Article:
Philanthropy is many things, but at the core, it’s people making decisions about money.
For philanthropy to be effective, it matters who those people are, how they make those decisions, and who gets the money. In short, it’s about power and who has it.
It stands to reason, then, that thoughtful decision making will involve the people most affected by the problems that foundations are trying to solve. Yet this practice is far from the norm among foundations, especially larger ones.
But here’s the good news: A growing number of grant makers are inviting people from outside their institutions to help set priorities, develop strategies, and sit on their boards or advisory committees.
Global GreenGrants, for example, has a worldwide network of approximately 150 advisers who connect the fund to local activists who volunteer their time to identify strategic priorities, recommend grants, and serve as mentors to emerging leaders.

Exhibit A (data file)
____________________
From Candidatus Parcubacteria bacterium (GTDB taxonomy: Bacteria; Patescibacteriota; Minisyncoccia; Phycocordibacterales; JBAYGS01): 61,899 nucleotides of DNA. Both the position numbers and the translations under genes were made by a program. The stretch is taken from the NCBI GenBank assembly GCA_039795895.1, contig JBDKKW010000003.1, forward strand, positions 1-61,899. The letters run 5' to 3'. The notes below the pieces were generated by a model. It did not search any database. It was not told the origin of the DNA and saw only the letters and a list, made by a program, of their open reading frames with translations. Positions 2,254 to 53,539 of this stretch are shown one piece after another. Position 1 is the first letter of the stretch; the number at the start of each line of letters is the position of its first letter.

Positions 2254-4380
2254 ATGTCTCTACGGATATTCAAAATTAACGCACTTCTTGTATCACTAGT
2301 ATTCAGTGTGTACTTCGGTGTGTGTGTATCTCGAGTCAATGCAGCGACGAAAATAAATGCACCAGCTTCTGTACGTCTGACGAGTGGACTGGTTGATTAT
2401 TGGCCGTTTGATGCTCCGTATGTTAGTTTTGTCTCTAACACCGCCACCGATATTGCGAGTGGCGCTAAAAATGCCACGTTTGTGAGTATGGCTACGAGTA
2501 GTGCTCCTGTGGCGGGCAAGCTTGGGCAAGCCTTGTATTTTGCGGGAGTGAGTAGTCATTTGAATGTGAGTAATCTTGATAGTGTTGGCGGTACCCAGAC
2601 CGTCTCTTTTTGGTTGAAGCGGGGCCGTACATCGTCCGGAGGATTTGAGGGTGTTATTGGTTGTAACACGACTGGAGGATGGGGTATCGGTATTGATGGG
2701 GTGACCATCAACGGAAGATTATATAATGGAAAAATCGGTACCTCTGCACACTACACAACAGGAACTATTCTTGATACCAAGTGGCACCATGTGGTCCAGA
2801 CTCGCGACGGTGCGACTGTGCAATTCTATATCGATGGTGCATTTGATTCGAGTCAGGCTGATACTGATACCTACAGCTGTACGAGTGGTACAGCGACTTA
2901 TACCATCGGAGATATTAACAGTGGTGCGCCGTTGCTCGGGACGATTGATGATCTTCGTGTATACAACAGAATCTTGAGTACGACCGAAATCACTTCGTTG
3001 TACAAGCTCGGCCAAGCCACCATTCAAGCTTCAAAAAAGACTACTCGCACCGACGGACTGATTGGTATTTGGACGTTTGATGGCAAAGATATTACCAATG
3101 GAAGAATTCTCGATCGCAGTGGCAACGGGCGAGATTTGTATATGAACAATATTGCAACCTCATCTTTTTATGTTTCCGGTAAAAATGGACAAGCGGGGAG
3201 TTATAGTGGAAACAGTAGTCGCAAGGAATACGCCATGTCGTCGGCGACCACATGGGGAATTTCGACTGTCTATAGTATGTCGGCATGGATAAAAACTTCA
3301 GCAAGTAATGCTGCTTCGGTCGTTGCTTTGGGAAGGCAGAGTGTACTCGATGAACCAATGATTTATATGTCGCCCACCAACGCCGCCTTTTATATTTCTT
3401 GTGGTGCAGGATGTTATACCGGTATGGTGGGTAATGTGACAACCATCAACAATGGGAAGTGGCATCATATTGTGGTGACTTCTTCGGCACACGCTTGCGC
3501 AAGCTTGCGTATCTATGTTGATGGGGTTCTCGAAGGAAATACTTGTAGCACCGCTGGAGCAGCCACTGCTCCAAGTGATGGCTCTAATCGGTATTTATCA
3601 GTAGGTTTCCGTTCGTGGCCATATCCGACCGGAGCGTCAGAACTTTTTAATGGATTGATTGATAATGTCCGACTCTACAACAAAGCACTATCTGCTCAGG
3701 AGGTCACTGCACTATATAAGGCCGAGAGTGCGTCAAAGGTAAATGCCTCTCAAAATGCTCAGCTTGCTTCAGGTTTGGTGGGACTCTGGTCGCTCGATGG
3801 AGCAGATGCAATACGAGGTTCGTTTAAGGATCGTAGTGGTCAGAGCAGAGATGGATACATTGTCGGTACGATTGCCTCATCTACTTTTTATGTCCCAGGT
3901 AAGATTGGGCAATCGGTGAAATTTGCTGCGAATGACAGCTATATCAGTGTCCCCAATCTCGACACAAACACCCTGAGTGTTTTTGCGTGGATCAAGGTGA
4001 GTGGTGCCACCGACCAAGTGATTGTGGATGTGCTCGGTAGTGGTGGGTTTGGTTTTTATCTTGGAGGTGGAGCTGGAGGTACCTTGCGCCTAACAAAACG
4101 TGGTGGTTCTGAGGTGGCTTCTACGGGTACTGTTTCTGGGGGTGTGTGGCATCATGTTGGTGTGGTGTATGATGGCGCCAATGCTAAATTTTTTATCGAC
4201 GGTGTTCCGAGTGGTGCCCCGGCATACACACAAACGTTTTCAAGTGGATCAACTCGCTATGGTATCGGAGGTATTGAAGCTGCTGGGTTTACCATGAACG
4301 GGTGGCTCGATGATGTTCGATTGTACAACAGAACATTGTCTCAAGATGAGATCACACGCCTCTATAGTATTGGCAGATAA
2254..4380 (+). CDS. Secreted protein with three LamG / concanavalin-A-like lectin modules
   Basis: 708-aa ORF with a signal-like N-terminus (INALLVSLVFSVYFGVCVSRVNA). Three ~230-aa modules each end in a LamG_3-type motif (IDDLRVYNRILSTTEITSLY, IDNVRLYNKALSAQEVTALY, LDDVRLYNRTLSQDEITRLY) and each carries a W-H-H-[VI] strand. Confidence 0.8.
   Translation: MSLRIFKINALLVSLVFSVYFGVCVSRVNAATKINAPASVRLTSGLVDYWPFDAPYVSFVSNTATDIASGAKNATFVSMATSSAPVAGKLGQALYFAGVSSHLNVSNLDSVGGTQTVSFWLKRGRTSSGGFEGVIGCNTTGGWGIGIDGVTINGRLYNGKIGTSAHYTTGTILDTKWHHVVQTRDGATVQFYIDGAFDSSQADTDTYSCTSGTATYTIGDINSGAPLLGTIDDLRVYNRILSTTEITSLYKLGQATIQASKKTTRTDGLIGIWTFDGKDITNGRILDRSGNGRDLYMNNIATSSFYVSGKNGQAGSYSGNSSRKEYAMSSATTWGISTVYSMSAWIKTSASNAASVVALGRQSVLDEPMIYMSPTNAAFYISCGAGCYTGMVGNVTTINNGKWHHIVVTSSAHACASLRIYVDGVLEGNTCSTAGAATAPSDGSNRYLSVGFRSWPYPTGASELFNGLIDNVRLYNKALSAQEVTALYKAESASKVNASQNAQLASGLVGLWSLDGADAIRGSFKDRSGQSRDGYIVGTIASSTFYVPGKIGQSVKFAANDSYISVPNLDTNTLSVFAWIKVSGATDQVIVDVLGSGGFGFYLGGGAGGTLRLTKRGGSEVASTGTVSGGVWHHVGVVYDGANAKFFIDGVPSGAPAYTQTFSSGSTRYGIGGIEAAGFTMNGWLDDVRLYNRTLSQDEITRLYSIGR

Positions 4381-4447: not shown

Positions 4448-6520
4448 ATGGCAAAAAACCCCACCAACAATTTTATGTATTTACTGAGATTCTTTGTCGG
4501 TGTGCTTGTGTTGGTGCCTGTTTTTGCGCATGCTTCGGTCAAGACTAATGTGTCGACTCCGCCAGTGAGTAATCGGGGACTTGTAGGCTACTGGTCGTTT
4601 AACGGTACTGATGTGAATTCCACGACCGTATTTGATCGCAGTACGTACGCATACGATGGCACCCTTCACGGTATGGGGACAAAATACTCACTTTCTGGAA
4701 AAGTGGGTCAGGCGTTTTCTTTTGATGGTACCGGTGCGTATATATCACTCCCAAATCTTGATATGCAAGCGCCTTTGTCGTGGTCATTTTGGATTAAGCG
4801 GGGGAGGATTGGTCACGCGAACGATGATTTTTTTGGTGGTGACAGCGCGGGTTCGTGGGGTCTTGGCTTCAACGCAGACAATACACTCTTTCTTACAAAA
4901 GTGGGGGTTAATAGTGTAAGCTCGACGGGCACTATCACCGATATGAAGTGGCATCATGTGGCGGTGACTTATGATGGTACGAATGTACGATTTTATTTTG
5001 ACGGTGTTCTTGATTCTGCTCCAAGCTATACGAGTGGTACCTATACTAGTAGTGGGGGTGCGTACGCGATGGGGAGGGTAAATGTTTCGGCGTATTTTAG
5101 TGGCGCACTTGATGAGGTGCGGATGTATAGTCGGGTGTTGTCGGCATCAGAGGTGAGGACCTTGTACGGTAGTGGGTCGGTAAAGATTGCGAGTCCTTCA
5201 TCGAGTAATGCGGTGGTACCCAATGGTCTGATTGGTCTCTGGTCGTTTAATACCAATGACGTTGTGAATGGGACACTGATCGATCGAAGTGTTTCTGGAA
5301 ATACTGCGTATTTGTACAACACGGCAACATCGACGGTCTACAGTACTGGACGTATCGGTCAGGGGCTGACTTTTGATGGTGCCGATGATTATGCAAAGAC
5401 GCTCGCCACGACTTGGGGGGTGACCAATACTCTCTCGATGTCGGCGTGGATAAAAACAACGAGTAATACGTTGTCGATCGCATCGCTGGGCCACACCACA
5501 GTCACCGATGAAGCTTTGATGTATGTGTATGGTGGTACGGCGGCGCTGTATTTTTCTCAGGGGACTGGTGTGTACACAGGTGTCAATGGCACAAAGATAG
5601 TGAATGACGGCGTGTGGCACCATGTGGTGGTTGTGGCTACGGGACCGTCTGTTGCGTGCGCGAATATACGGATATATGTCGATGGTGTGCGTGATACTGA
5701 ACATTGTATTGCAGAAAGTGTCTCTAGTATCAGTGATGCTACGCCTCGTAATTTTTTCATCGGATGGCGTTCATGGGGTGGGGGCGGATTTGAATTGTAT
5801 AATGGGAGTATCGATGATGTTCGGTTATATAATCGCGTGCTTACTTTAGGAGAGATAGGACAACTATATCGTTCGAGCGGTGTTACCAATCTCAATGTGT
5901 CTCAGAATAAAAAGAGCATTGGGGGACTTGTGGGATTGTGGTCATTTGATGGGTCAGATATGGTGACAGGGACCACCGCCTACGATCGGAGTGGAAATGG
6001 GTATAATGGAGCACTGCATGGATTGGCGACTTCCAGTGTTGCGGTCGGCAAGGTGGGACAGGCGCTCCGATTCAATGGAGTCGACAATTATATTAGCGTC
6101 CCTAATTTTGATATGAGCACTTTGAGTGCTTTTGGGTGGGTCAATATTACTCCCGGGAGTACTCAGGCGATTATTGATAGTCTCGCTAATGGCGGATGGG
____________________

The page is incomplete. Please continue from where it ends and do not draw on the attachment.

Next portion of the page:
The NoVo Foundation’s decision to allocate $90 million to support the advancement of girls of color grew directly from a yearlong tour listening to girls of color, leaders of the movement, and organizers.
The Brooklyn Community Foundation, after getting feedback from people throughout the borough, gathers neighborhood residents to identify causes that need financial support and to recommend worthy projects.
Some of these foundations are taking participation one step further by putting decision-making authority in the hands of outsiders. These institutions are showing that it can be done — and in many ways, including setting grant criteria and conducting post-grant evaluations.